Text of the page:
Model organisms: The fruit fly
29/8/02. By Richard Twyman
The fruit fly Drosophila melanogaster has the longest history of any model organism and has been widely used to study genetics and developmental biology.
The fruit fly (Drosophila melanogaster) is a small insect that feeds and breeds on spoiled fruit. It has been used as a model organism for over 100 years and thousands of scientists around the world work on it. Part of the reason for this is historical. Scientists today choose to study the fruit fly because so many others have done so before them. There are established methods for handling flies in the laboratory and an immense volume of data has accumulated about fly biology. But why was the fruit fly chosen in the first place?
As with most of the long-established model organisms, the initial choice was for practical reasons. The fruit fly is small and has a simple diet. Therefore, large numbers of flies can be maintained inexpensively in the laboratory. The life cycle is also very short, taking about two weeks, so large-scale crosses can be set up and followed through several generations in a matter of months. Fruit flies also have large polytene chromosomes, whose barcode patterns of light and dark bands allow genes to be mapped accurately.
Due to these advantages, fruit flies were extensively used in the early 20th century to work out the principles of genetics. Indeed, they are still used in this capacity to teach genetics in schools. Mutants are available for a large number of genes and new mutations can be induced very easily by exposing flies to radiation or adding mutagenic chemicals to their food. This ability to recover mutants means that flies can be used to investigate the genetic basis of any conceivable biological process.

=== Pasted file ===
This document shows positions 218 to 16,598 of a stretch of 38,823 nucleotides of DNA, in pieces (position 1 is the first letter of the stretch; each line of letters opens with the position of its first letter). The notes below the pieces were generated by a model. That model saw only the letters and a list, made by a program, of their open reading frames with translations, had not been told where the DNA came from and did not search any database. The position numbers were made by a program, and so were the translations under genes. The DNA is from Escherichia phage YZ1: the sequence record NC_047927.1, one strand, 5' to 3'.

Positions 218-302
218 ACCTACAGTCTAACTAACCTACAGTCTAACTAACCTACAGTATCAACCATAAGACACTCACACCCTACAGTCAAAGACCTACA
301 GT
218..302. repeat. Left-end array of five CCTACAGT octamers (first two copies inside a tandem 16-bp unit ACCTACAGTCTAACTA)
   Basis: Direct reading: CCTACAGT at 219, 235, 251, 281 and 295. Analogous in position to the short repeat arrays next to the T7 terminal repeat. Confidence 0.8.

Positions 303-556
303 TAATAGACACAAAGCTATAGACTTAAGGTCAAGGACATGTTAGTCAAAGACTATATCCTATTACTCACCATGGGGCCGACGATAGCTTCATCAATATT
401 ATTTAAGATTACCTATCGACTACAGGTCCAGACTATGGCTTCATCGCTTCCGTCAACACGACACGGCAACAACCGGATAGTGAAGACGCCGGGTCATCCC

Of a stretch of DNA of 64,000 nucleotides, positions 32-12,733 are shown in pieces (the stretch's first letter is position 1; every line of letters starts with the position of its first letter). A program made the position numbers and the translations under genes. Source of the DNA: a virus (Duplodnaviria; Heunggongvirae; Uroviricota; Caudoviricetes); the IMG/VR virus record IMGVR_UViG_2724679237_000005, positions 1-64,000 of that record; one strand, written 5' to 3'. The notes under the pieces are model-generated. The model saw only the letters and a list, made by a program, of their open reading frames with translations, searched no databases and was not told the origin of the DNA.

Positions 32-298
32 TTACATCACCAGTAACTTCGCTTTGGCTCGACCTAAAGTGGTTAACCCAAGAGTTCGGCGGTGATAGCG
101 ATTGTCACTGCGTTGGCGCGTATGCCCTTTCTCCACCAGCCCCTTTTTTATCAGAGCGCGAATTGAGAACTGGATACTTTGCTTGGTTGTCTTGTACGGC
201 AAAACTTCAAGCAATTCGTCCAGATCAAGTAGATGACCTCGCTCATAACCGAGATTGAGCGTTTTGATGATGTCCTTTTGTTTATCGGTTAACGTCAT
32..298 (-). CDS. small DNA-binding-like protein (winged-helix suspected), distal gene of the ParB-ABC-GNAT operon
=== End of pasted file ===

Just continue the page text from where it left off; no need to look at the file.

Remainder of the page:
The fruit fly (Drosophila melanogaster) has been used as a model organism for nearly a century.
The relevance of the fruit fly to the human genome project reflects the remarkable conservation among genes in different animals. The fly genome, which was sequenced in the year 2001, is 165 million base pairs in length (spread over four chromosomes) and contains approximately 14 000 genes.
The human genome contains 3-4 times as many genes but most of these are thought to have arisen by two rounds of genome doubling during the evolution of vertebrates. Therefore, humans have more genes than flies but about the same number of gene families. Since it is easy to create mutants and carry out experiments on fruit flies, the functions of many fly genes have been established.
The relationship between fly and human genes is so close that the sequences of newly discovered human genes, including disease genes, can often be matched against their fly counterparts. This provides a lead towards the function of the human gene and could help in the development of effective drugs.
The analysis of fly embryonic development has made a particularly important contribution to the understanding of developmental processes in humans. The genetic basis of many human birth defects is now known thanks to experiments on developmental mutants in the fly.
In acknowledgement of this, Ed Lewis, Christiane Nusslein-Volhard and Eric Wieschaus, who led early work on Drosophila developmental genetics, were awarded the Nobel Prize in Physiology or Medicine in 1995.
Feature: Why the fly?
Adams MD et al. The genome sequence of Drosophila melanogaster. Science 2000 Mar 24;287(5461):2185-95. Abstract